BACKGROUND: Resilience is defined as the capacity to cope successfully with change or adversity. The aims of our study were to investigate levels of resilience in Italian healthcare professionals (HCPs) during the Coronavirus disease 2019 (COVID-19) pandemic and to identify potential predictors of resilience.
METHODS: We performed a web-based survey of HCPs (n = 1009) working in Italian hospitals during the COVID-19 pandemic. The survey contained a 14-item resilience scale (RS14) and questionnaires to evaluate depression and anxiety symptoms. Non-HCP individuals (n = 375) from the general population were used for comparison.
RESULTS: HCPs showed significantly lower resilience compared to the control group (p = 0.001). No significant differences were observed after stratification for geographical area, work setting, role, or suspected/confirmed diagnosis of COVID-19. In a linear regression analysis, RS14 was inversely correlated with depression (R2 = 0.227, p < 0.001) and anxiety (R2 = 0.117, p < 0.001) and directly correlated with age (R2 = 0.012, p < 0.001) but not with body mass index (BMI, R2 = 0.002, p = 0.213). In male HCPs, higher depression score (odds ratio (OR) 1.147, p < 0.001) or BMI (OR 1.136, p = 0.011) significantly predicted having low resilience. In female HCPs, higher depression score (OR 1.111, p < 0.0001) and working in a COVID-19 free setting (OR 2.308, p = 0.002) significantly predicted having low resilience. HCPs satisfied with personal protective equipment had higher levels of resilience (p < 0.010).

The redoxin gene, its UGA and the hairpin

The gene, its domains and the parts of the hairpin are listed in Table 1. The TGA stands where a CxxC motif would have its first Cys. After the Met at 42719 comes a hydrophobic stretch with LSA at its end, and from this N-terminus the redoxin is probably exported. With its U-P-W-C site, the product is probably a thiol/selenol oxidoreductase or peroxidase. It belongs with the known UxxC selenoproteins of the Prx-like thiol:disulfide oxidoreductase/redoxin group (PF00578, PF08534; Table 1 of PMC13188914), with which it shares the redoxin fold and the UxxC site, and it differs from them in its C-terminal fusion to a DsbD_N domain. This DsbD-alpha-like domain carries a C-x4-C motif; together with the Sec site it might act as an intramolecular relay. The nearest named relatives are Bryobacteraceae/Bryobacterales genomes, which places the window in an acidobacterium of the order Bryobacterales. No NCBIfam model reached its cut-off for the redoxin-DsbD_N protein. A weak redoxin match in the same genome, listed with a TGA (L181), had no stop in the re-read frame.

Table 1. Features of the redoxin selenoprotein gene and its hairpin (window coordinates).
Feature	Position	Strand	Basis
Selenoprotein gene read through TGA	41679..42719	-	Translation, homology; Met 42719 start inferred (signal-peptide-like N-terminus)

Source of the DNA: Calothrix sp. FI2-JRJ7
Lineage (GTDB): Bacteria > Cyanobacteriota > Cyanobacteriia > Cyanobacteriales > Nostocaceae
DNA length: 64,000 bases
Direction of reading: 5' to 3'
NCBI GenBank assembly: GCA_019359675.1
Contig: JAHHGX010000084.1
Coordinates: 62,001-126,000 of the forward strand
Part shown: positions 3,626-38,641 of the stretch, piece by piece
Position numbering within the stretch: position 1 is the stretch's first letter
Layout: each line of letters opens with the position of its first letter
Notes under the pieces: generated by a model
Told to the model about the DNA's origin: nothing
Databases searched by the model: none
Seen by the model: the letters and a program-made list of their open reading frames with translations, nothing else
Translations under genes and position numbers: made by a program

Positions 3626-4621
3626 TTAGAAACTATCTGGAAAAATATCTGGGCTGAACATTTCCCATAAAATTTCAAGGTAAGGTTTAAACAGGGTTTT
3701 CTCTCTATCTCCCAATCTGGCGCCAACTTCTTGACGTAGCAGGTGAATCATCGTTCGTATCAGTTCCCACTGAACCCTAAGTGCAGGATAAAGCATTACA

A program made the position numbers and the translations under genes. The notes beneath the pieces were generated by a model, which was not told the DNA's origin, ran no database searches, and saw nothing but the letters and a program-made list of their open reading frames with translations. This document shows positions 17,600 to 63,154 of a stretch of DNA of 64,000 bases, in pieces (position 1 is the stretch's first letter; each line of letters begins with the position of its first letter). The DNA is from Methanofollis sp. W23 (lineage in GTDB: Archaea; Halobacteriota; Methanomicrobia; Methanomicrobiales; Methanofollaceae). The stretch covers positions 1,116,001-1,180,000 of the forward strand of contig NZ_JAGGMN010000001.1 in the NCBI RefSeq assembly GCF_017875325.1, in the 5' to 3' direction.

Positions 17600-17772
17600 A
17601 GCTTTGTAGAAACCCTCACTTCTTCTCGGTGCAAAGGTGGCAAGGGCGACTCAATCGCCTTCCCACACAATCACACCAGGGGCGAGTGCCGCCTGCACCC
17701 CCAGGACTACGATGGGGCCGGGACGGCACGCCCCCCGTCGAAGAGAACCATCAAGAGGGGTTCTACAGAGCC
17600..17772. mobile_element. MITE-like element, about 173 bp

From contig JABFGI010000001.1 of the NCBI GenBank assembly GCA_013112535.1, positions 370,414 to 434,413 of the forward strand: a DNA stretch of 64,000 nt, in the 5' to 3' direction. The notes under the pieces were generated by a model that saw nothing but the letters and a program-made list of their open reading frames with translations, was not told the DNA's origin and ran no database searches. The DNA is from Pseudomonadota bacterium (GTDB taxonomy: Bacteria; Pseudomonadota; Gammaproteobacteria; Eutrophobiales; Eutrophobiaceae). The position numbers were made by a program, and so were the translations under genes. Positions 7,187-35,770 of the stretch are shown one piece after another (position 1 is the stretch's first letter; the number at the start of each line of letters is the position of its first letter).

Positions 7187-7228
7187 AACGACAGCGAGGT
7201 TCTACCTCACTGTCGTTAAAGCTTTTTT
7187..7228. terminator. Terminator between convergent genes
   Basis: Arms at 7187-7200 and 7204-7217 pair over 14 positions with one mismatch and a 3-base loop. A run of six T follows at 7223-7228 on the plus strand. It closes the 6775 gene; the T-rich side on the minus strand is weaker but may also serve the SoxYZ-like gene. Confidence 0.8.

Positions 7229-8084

CONCLUSIONS: Our findings suggest that resilience was lower in Italian HCPs than in the general population after the first COVID-19 wave. Specific factors can be identified, and targeted interventions may have an important role to foster resilience of HCPs.